The Government of India has recently honoured Shri. Cheruvayal K. Raman, a tribal farmer from Kerala, with one of the highest civilian awards in Bharat (India), the Padma Shri. The septuagenarian farmer from the Wayanad (or Vayal Nadu, i.e., the land of paddy fields) district of Kerala was honoured with the Padma Shri for his vital contributions to the field of agriculture. Cheruvayal Raman (known locally as ‘Vithachan’/ father of seeds), is credited with conserving over 55 indigenous rice varieties of the district, many species of trees, spices, and herbs.

By Sarada Subhash

Apart from the Padma Shri, he has also won many other recognitions and awards like the prestigious National Plant Genome Saviour Award instituted by the Protection of Plant Varieties and Farmers’ Rights Authority, Ministry of Agriculture and Farmers’ Welfare, India. Popularly recognised as the “Guardian of Native Paddy” and Bharat’s “living paddy gene bank,” Cheruvayal Raman is also fondly referred to as Ramettan by the natives.

According to a 2020 Down to Earth report, though the cultivation of paddy “has occupied a pride of place” in Kerala, its cultivation has been dwindling at a disturbing rate. The report further states that Kerala has “lost 70 percent of its paddy fields in the past 30 years”. For instance, Wayanad district had earlier produced almost 160 varieties of paddy, but now 55 varieties out of these are extinct. The Hindu reported that Kerala’s “area under rice cultivation (wetland) fell to 1.94 lakh hectares in 2021-22, a decrease of 3.9% compared to 2020-21”. Another critical concern highlighted by India Narrative is that the farmers in Wayanad, who once grew indigenous/native rice varieties, have switched to genetically modified and high-yielding seeds over time, causing a “serious threat” to the native varieties that “faced extinction”. This is where the initiatives of Cheruvayal Raman become significant, with him taking efforts to preserve the age-old methods of sustainable cultivation, using indigenous varieties of paddy, that were common amongst the Adivasis of Wayanad.

Introduced to farming at a young age, Cheruvayal Raman saw a time when not just the farmers, but government as well as policymakers also introduced genetically modified and high-yielding seeds to prioritise the increase of food production, writes Bobins Abraham for Indiatimes. Gradually Ramettan realised that in this process, more traditional varieties were disappearing. So, he started to meticulously collect native paddy seeds from many regions of Wayanad. For the past two decades he has been collecting and sowing various indigenous rice varieties on his 3-acre plot in Kammana village, Wayanad. This includes varieties of paddy that are aromatic, those that have medicinal values, and some that are capable of withstanding floods, media reports. The indigenous rice varieties saved by Cheruvayal Raman in the last 20 years include Thondi, MannuVeliyan, Kanali, Chembakam, Chettuveliyan, Palveliyan, Channalthondi and the aromatic types like Jeerakasala, Gandhakashala and Kayama (India Narrative, 2022). Apart from the conservation of paddy seeds, he conducts various studies on water, soil, paddy seeds and the growth patterns of these seeds, writes Lekshmi Priya S. for The Better India.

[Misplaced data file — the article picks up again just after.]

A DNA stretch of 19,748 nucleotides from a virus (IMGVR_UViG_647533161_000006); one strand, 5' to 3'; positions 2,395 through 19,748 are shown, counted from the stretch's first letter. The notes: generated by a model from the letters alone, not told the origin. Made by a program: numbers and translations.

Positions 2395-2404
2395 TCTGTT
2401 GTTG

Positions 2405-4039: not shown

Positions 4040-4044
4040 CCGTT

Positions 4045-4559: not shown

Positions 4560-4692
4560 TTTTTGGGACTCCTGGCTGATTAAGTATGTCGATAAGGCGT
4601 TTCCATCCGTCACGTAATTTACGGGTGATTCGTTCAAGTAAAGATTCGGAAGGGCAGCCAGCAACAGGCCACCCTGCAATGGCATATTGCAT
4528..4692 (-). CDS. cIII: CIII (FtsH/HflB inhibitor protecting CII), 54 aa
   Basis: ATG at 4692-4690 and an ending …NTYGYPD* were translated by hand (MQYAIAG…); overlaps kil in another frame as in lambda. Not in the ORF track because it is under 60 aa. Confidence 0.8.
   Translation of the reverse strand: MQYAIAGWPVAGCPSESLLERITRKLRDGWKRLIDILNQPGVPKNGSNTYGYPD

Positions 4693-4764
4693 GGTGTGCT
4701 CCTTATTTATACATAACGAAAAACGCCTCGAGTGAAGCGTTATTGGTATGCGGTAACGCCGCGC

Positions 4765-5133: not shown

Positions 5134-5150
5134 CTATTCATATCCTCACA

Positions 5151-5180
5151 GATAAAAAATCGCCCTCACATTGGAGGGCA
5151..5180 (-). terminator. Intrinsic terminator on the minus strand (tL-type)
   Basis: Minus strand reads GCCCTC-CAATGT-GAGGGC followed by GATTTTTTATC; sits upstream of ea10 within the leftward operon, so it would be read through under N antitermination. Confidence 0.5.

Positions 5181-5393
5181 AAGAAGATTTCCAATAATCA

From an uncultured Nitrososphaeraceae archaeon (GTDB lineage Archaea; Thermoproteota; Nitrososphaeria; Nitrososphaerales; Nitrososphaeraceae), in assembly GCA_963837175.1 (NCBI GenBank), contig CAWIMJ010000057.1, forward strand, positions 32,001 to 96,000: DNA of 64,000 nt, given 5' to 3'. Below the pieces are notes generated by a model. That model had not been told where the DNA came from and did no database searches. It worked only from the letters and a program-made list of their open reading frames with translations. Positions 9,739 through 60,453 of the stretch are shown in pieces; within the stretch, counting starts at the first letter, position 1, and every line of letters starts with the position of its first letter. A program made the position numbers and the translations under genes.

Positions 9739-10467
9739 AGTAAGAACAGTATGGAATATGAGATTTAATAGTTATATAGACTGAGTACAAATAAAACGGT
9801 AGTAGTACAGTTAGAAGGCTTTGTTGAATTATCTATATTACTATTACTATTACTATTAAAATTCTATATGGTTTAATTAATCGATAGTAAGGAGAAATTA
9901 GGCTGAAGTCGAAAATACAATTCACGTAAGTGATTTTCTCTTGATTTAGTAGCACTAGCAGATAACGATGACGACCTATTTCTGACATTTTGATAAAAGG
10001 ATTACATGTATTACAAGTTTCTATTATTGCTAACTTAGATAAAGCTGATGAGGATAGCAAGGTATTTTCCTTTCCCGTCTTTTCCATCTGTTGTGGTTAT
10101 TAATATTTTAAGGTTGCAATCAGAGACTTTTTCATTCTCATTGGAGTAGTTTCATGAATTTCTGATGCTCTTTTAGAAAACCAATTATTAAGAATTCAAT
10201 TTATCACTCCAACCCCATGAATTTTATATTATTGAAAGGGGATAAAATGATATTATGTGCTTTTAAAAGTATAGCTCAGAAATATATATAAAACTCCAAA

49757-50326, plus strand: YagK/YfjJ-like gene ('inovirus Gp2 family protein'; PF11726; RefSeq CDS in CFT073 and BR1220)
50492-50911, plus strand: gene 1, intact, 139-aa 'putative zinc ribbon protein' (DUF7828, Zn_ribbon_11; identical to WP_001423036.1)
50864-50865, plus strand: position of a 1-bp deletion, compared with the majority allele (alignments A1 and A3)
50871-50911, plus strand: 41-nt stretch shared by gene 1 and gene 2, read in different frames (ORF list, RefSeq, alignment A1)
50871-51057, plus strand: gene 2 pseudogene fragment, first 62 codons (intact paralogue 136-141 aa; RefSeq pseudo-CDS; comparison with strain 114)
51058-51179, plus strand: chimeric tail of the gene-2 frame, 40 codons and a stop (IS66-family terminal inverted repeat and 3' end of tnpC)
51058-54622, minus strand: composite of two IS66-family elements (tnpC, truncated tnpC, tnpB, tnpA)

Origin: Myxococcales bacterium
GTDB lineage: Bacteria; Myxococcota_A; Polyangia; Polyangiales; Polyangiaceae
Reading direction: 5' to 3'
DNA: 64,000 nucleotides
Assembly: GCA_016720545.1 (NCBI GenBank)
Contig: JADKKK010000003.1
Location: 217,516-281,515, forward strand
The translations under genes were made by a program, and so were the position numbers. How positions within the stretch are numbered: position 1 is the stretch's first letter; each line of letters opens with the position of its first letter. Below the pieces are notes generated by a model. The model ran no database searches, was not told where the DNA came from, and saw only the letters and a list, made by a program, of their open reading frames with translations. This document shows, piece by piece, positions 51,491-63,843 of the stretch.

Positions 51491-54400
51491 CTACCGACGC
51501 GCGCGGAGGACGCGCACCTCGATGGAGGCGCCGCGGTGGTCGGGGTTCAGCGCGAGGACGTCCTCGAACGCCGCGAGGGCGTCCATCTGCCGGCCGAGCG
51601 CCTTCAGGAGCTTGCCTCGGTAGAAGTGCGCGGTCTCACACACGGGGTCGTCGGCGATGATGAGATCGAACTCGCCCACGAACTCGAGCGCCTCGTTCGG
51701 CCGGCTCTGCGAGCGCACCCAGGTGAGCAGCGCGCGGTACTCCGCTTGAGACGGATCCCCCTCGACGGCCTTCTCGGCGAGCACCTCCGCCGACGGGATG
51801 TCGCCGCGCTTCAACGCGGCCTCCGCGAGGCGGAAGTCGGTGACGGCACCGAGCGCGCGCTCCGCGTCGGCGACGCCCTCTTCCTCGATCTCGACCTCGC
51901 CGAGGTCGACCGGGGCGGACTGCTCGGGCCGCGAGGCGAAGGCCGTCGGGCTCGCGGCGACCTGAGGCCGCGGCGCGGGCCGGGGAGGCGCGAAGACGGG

What are the struggles/obstacles he had to face along the way? The experienced farmer in him is quick to point out the increasing impact of climate change and the loss of forest cover in Wayanad. Talking to First Post in 2016, Ramettan put out a timely warning when he said – “the ecological system of Wayanad has gone for a toss. Things have gone out of control now. Wayanad used to be different from other districts because of the biodiversity”. He also adds, – “the government should devise policies for the indigenous cultivation methods. Only individuals won’t do….I incur huge losses for preserving this. I lose around Rs 20,000-30,000 yearly for preserving the indigenous seeds.” In a conversation with Hari Tulsidas, a Sustainable Natural Resource and Energy Advisor at the United Nations Economic Commission for Europe (UNECE), Ramettan poignantly reminds us that the importance of these indigenous seeds transcends beyond their purpose as sources of food by also critically representing “our cultural heritage”.

Behind his steadfast resolve and thoughtful nurturing of the State’s indigenous and ancient paddy diversity lies his larger concern for the future generations of our country Cheruvayal Raman says he and his family endeavour to “conserve the seeds as a treasure for the next generation”. Having built a sizeable collection of indigenous paddy seeds and organically cultivating varieties by himself, Ramettan also encourages his fellow farmers to follow the same practice by giving away these seeds for free – the only condition being that these farmers should return the same quantity to him after the harvest. To propagate this objective, he has also established a farmers’ network via an “informal seed distribution mechanism”. Why this unique specification? To this Ramettan responds by saying that “seeds cannot be sold because it is love and care rather than a commodity” . He is also eager to impart his repository of knowledge to those interested. “My knowledge and learning is out there for everyone, and I will always keep my doors open for those with the heart to learn, “ says Cheruvayal Raman.

This article first appeared in and it belongs to them.